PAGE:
Tag Archives: spiritual

The ways I’ve changed

When I left for my study abroad trip in January, I did not think that I was a journalist. I was afraid that my skills would not stack up against the other students that I was headed there with. I had never been off of my own continent and I was just afraid of being away from the safety and security of my own bubble.

When I left for my study abroad trip, I did not think that I would grow to care so much about the group of people that I was with. Strangers at the start of the year and, now, people that I hope to keep in touch with even after the semester has ended. We learned something from each other, and that is what has changed me.

Skyler, a journalism student, that faced her fears and left her comfort of home just as I did. She is brave and can survive any bug bite that she is faced with (at least with an EpiPen in tow). She showed me that I wasn’t alone in my fear and discomfort and that I would be okay, just like she was.

Alana, a fellow Public Relations major, showed me what it means to truly care about and have a passion for the field that you are going into. She is passionate about museums, latinx history, art and photography. From her, I learned to find something that I love and never stop chasing that.

Katie, the sassiest and most outspoken of the group, is so involved in reporting news and writing the best stories that she can. She taught me what it really means to be a journalist and helped me gain skills that I didn’t know I had–like interviewing, gathering sources and being confident in what you are writing about.

Ashley, the inspiring and resilient nineteen year old, really showed me that even if you have been in the trenches at points in your life, you can rise above and come out on top. We shared our stories of childhood and found many points that we could relate on. She is a strong woman who has set her mind to whatever she wants, and I know that she can achieve her dreams. I wish that I had been more like her when I started off as a student–determined, passionate and hard-working.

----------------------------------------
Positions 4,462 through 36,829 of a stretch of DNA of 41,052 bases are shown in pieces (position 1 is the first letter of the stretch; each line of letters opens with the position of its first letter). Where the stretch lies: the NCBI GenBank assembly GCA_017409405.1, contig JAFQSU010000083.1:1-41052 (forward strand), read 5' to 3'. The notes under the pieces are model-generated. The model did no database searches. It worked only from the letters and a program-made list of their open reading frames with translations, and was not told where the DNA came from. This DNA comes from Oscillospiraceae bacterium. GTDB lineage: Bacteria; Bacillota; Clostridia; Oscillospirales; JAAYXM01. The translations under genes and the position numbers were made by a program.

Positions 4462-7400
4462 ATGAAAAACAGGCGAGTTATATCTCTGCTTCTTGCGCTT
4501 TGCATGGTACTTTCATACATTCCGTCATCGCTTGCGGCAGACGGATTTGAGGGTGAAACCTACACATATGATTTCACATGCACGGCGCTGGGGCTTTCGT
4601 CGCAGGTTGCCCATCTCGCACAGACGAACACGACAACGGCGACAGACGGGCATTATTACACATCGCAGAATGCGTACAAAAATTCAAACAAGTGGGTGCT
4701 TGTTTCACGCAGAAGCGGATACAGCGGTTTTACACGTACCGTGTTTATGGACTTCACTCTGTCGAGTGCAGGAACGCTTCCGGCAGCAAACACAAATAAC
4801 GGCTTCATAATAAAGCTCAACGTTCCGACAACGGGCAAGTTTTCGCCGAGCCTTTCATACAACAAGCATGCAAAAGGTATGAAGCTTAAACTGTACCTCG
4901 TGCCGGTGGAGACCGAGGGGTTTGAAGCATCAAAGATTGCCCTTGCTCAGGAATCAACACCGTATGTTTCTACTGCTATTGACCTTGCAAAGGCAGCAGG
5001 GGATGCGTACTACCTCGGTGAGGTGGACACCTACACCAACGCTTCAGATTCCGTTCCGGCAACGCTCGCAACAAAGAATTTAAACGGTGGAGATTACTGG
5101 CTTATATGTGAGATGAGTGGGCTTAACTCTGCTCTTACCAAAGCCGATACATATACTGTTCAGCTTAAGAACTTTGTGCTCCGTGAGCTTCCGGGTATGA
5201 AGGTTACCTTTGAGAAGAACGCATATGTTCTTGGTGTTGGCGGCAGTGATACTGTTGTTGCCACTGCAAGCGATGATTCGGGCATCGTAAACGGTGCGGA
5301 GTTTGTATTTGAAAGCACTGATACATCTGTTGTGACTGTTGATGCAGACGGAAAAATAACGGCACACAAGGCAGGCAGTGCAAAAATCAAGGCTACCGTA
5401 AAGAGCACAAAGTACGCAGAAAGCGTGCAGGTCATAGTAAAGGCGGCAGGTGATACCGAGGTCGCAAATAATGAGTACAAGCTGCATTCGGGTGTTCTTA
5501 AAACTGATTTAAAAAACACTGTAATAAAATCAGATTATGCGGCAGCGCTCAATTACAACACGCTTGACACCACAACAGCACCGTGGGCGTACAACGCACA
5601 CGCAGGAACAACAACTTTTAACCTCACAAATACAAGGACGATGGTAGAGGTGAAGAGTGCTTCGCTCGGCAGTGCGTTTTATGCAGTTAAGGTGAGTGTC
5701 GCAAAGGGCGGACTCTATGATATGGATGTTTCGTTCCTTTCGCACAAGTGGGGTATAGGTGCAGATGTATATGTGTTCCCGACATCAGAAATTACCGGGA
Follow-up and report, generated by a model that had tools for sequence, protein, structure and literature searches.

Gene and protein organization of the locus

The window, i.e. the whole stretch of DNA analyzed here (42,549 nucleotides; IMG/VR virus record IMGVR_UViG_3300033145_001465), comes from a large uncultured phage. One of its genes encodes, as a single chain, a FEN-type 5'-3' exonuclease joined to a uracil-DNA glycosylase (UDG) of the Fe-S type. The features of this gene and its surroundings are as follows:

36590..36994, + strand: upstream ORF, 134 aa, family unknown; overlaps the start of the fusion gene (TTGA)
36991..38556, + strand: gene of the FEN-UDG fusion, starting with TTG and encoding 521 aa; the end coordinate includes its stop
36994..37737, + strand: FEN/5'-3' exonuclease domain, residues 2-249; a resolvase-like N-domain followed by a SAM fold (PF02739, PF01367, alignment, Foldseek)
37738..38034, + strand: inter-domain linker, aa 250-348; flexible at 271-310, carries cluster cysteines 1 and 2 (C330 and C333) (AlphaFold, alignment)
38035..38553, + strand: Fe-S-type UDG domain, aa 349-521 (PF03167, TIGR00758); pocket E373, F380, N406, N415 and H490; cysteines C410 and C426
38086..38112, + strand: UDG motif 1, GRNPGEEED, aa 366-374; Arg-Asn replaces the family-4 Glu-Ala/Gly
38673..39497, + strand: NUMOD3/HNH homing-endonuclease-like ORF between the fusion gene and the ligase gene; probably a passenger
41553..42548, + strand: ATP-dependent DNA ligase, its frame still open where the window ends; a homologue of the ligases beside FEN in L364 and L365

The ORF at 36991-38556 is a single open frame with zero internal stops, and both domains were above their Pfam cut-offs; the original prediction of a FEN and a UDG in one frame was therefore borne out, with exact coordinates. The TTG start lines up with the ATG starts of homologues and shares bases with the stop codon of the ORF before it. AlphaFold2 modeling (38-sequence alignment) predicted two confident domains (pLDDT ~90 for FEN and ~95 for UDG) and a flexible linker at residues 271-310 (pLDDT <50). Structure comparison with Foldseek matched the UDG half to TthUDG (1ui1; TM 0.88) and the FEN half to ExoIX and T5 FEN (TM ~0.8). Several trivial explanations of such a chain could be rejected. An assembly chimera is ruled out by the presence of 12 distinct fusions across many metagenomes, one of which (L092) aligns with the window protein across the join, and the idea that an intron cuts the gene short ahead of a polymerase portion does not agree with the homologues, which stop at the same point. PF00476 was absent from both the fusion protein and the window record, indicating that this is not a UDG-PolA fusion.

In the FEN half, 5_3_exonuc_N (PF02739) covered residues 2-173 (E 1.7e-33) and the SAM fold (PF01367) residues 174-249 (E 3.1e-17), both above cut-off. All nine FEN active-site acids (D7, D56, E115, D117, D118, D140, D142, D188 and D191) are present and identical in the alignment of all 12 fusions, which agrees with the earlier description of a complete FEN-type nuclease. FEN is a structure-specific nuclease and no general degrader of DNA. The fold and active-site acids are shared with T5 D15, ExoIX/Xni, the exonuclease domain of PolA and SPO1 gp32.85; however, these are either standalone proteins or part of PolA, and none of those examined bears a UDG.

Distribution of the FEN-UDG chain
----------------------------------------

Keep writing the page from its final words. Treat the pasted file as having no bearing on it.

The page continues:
Last, but certainly not least, Holly Lynn Wise. The most inspiring woman that I have met in my college career. Holly pushed me and convinced me to go on the study abroad trip two days before the application was due. I learned how to use my writing skills, thanks to her, and for that I am very grateful. Journalism aside, I am now passionate about finding my place in the world and using my skills to add to it. Holly showed me what it means to be career-driven and to take your life and run with it. She is caring, kind, compassionate, and I am excited to watch how the next chapter of her life unfolds. I hope she knows how much she means to me and that I would not trade the experiences that I had because of her for anything.

I will not view my life in the same way I did before I left on my study abroad trip. I have determination and the drive to use my skills and have an effect on the world around me.

Featured photo by Alana Zamora/Global News Team

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Tending to More Than a Physical Illness

By Alicia Vazquez

Michelle Juarez arrived at Hogar San Antonio – a nursing home in Nicaragua – with her fellow classmates of the St. David’s School of Nursing at Texas State University on Jan. 16.

Like the rest, she walked into the infirmary and soon noticed the single patient who lay in a bed. Her name was Petrona and she had been at the nursing home since 2007.

In the two weeks prior to the team’s visit, Petrona’s kidneys had started to fail her. Juarez had been taught that once the kidneys go, everything goes.

Petrona was now in sepsis and had anasarca all over her body. She was in hospice care, but her family didn’t want her to receive any other type of care. The only thing she was getting was normal saline to keep her hydrated. She couldn’t drink anything because of the risk of aspiration pneumonia.

Knowing that Petrona’s mouth was probably dry, Juarez went for a gauze, moistened it with water and swabbed Petrona’s mouth. Another student gave Petrona drops of water.